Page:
Consumers who are less experienced with home buying and financing might think that today's interest rates are the norm. In fact, real estate was a lot different just a few decades ago, when volatile interest rates infiltrated the housing market.
The Reality of Mortgage Rates in the Mid-1980s
Ask someone who was around in the ‘booming 80s,’ and they'll tell you that one thing wasn't booming — the housing market. In those years, interest rates were continually ratcheted up until they were well above double-digit figures.
The market hit rock bottom in the early part of the decade, when real interest rates for mortgages spiked to around 18 percent, making it more difficult for potential home buyers to purchase a home. In turn, the low demand for homes caused builders and construction companies to fall into a slump.
Why Did High Rates Occur?
According to economic experts, the rise in interest rates was caused by inflation, the government’s response, and responses by lenders.
First, lenders wanted to be compensated for inflation. Lenders thought that inflation was going to happen quickly and systemically over time, so banks and other lending companies wanted a return on their money that was going to beat inflation. That meant borrowers had to pay more interest.
In the 1970s, inflation was running rampant. Interest rates kept increasing while lenders also looked at the credit worthiness of borrowers, which hiked some individuals' interest rates up even further.
Over the same period, the government was raising the federal interest rate. Since consumer loans are based on the Fed's bank rates, this pushed mortgage rates up even higher!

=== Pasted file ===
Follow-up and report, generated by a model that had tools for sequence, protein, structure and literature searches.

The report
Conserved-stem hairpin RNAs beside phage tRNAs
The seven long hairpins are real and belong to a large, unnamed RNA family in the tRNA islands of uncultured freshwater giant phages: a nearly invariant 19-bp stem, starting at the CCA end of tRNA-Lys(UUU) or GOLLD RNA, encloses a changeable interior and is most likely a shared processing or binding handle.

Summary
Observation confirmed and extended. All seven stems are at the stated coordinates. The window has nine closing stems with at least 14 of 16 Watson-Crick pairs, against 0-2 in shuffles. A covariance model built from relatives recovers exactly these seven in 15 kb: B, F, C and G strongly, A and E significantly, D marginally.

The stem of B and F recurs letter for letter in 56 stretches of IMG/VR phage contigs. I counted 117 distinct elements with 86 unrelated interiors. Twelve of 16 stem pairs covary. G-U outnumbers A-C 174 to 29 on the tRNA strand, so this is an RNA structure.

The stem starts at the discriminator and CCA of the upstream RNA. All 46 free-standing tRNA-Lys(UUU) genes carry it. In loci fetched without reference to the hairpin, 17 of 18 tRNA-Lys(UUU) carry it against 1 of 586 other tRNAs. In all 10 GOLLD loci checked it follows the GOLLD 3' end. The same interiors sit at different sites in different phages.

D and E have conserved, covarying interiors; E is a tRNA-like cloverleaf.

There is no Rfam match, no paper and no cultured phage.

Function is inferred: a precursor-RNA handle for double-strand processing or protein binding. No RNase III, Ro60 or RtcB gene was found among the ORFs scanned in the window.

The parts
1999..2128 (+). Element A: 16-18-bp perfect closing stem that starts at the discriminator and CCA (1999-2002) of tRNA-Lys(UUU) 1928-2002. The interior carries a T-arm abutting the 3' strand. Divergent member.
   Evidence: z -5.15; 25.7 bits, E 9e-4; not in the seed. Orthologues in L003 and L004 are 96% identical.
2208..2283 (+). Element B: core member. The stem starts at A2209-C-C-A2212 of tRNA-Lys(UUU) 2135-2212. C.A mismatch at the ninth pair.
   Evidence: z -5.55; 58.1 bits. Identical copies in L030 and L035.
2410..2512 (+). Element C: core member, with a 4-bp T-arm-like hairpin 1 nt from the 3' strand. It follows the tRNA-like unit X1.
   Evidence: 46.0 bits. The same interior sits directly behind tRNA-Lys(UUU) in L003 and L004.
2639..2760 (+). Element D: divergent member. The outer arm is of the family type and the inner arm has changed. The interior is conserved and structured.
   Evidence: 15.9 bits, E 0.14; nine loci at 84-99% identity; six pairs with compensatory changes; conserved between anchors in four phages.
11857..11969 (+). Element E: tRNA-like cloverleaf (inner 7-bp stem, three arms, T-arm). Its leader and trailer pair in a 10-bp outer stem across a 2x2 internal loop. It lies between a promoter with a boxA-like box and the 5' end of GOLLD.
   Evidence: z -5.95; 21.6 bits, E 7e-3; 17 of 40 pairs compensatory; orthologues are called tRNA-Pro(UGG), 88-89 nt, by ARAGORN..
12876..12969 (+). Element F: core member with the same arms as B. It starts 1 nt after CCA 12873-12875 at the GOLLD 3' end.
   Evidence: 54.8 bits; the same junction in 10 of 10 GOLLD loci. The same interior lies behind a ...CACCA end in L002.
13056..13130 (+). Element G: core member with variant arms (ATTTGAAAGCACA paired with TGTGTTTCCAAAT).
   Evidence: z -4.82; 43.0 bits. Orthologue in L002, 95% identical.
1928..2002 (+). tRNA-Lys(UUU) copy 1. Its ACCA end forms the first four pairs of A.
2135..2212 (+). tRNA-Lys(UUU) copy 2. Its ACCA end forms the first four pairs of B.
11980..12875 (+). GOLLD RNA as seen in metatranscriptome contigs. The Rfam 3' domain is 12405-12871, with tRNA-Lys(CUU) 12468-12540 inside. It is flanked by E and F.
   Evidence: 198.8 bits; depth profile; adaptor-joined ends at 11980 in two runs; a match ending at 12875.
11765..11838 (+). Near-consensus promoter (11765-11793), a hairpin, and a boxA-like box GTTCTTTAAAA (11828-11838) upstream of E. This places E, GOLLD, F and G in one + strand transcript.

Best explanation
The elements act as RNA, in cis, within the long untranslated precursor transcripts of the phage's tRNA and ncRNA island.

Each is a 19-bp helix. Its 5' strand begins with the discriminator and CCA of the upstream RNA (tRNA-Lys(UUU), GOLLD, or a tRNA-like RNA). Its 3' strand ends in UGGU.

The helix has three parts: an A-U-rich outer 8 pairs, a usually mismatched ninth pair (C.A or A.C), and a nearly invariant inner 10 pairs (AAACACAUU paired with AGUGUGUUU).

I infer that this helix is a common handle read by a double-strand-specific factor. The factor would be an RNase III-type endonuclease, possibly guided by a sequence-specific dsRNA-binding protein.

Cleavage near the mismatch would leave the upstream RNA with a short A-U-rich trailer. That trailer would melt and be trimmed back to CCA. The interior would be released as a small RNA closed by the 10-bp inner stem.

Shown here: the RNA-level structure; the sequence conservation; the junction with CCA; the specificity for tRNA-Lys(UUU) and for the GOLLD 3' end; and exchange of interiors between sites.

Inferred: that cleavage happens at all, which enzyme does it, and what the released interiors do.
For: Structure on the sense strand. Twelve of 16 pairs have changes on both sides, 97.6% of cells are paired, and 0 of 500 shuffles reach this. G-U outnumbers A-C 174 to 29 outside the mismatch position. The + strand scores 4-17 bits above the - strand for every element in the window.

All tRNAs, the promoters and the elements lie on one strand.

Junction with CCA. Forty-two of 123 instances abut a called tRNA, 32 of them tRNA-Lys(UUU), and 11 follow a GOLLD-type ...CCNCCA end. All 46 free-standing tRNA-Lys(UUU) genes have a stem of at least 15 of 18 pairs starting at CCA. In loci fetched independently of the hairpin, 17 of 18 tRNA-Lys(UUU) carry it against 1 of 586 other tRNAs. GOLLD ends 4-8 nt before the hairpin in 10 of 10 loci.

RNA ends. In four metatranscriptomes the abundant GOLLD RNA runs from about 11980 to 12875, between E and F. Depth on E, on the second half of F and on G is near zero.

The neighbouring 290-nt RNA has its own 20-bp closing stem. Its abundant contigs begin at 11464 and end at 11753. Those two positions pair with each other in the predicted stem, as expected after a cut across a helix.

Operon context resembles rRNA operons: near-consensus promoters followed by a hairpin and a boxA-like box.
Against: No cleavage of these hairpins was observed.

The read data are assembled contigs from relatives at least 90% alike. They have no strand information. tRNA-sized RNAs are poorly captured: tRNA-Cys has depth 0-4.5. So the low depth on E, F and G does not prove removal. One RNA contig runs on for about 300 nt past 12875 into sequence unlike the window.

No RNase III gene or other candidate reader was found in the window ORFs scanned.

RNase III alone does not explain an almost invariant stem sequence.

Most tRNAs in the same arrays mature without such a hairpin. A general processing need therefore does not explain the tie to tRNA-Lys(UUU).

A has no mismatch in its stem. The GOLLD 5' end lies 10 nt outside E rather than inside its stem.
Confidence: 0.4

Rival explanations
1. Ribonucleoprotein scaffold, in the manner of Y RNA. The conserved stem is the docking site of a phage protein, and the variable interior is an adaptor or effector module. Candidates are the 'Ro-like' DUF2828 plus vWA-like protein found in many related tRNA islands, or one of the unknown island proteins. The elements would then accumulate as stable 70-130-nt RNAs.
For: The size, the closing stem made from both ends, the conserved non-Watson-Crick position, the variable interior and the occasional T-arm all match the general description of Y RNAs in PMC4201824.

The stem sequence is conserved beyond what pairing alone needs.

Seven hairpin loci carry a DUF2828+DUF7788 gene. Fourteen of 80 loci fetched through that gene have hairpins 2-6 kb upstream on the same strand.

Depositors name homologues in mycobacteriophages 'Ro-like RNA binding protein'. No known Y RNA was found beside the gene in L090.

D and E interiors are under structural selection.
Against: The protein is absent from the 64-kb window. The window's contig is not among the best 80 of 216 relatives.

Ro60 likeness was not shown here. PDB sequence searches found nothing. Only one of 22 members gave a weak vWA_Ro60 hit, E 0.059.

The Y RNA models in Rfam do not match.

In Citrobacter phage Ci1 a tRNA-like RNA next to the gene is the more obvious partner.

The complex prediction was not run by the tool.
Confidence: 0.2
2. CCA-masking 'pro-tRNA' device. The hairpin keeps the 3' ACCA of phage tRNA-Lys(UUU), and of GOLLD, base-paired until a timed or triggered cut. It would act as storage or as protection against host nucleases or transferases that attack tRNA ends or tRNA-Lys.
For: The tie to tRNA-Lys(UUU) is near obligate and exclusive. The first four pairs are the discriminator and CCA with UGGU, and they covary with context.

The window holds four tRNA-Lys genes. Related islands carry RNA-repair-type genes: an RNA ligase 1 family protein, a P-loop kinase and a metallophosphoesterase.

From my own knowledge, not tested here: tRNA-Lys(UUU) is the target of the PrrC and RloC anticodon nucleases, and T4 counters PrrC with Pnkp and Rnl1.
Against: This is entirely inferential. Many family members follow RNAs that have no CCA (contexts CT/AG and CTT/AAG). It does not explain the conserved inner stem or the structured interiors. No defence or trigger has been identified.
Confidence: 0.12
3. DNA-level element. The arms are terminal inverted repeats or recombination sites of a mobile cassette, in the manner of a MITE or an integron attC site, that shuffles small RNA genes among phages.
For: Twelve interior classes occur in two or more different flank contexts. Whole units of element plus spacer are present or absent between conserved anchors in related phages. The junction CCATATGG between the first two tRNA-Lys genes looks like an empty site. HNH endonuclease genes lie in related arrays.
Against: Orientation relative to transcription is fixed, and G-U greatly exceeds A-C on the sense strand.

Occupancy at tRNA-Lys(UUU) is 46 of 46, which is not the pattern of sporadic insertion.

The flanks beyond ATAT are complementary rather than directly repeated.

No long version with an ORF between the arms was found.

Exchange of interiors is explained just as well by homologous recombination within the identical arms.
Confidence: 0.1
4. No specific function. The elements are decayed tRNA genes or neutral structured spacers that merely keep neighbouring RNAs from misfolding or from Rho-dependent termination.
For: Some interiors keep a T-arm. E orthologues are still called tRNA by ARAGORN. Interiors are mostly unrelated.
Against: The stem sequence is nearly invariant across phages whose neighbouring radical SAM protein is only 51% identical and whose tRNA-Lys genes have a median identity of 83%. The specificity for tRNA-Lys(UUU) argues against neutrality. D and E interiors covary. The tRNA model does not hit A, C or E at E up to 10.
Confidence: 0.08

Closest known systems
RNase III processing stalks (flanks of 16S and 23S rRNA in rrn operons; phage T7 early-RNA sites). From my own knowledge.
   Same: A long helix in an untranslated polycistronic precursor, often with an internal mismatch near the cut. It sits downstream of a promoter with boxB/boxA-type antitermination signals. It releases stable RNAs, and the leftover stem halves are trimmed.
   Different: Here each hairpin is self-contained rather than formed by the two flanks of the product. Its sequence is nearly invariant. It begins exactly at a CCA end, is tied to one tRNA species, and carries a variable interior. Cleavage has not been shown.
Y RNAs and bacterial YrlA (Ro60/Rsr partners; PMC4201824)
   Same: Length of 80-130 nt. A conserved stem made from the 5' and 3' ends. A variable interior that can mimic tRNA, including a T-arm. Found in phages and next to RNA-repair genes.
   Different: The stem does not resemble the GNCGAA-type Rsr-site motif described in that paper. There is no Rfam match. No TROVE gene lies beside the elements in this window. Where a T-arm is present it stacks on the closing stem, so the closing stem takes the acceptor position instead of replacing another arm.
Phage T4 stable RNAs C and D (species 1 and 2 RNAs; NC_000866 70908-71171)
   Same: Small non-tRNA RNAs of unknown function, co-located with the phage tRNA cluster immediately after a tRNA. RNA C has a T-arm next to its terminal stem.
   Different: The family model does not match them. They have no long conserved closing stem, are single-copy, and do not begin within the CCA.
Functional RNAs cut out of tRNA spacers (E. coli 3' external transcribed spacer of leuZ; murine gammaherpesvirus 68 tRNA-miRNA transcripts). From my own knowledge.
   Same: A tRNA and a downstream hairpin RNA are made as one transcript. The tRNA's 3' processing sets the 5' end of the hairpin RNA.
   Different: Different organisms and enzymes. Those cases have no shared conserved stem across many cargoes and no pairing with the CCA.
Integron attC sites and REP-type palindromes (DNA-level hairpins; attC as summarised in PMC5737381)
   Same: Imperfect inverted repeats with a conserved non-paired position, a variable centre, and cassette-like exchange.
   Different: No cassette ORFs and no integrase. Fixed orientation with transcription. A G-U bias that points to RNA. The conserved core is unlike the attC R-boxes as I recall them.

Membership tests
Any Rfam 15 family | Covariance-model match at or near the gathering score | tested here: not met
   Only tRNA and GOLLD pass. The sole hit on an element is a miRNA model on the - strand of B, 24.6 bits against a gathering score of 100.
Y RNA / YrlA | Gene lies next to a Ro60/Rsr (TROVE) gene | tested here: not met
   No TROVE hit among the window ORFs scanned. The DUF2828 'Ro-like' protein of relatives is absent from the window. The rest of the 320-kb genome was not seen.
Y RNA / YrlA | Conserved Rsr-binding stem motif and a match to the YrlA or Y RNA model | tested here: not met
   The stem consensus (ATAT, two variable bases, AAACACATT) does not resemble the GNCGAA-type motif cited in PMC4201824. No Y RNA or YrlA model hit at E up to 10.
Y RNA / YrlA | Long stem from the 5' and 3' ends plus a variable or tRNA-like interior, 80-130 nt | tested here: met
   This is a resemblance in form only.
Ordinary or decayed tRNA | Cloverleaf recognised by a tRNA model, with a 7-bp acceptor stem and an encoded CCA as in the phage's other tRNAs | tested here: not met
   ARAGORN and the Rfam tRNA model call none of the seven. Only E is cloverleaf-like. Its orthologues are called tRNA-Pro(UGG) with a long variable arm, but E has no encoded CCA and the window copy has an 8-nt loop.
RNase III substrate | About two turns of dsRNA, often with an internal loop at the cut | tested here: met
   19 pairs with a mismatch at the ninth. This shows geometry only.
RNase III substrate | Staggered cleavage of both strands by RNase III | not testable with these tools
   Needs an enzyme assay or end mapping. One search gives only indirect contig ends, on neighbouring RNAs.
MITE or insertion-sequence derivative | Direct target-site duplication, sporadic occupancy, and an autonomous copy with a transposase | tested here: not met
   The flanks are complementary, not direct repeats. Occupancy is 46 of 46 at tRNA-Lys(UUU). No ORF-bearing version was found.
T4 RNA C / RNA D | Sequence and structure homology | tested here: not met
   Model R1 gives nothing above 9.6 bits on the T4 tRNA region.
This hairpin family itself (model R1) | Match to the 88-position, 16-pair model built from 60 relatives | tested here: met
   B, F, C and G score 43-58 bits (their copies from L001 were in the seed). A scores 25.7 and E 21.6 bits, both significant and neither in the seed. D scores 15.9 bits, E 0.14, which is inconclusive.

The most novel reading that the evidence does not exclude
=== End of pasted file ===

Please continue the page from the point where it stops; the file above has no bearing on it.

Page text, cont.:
Contrast that picture with today: The Federal Reserve's response to the economic crisis of 2008 was to continually slash interest rates to historic lows. Current lenders are offering interest rates at nearly zero percent, while governments and banks are lending to each other at rates close to zero, and consumer rates for mortgages have been dipping below 4 percent.
To paint a clear picture of how this change in interest rates affects your home prices and home payments, take a $100,000 house. At 4 percent interest, a borrower will pay $4,000 a year. At the 18 percent rate of the 1980s, that same borrower would have been paying $18,000 in that same year.
A 30-year amortization schedule shows that, with a higher interest rate, consumers ended up paying many times what their homes sold for over the years. With an interest rate of around 5 percent, a borrower might only pay double the sale price or less, especially if you can pay off some of the principle early.
Today's market offers a tremendous opportunity for getting a mortgage or refinancing. Potential homebuyers have the opportunity to get a cheap loan and buy the home of their dreams. Current homeowners have the opportunity to refinance into a lower mortgage payment and save a ton on interest expense.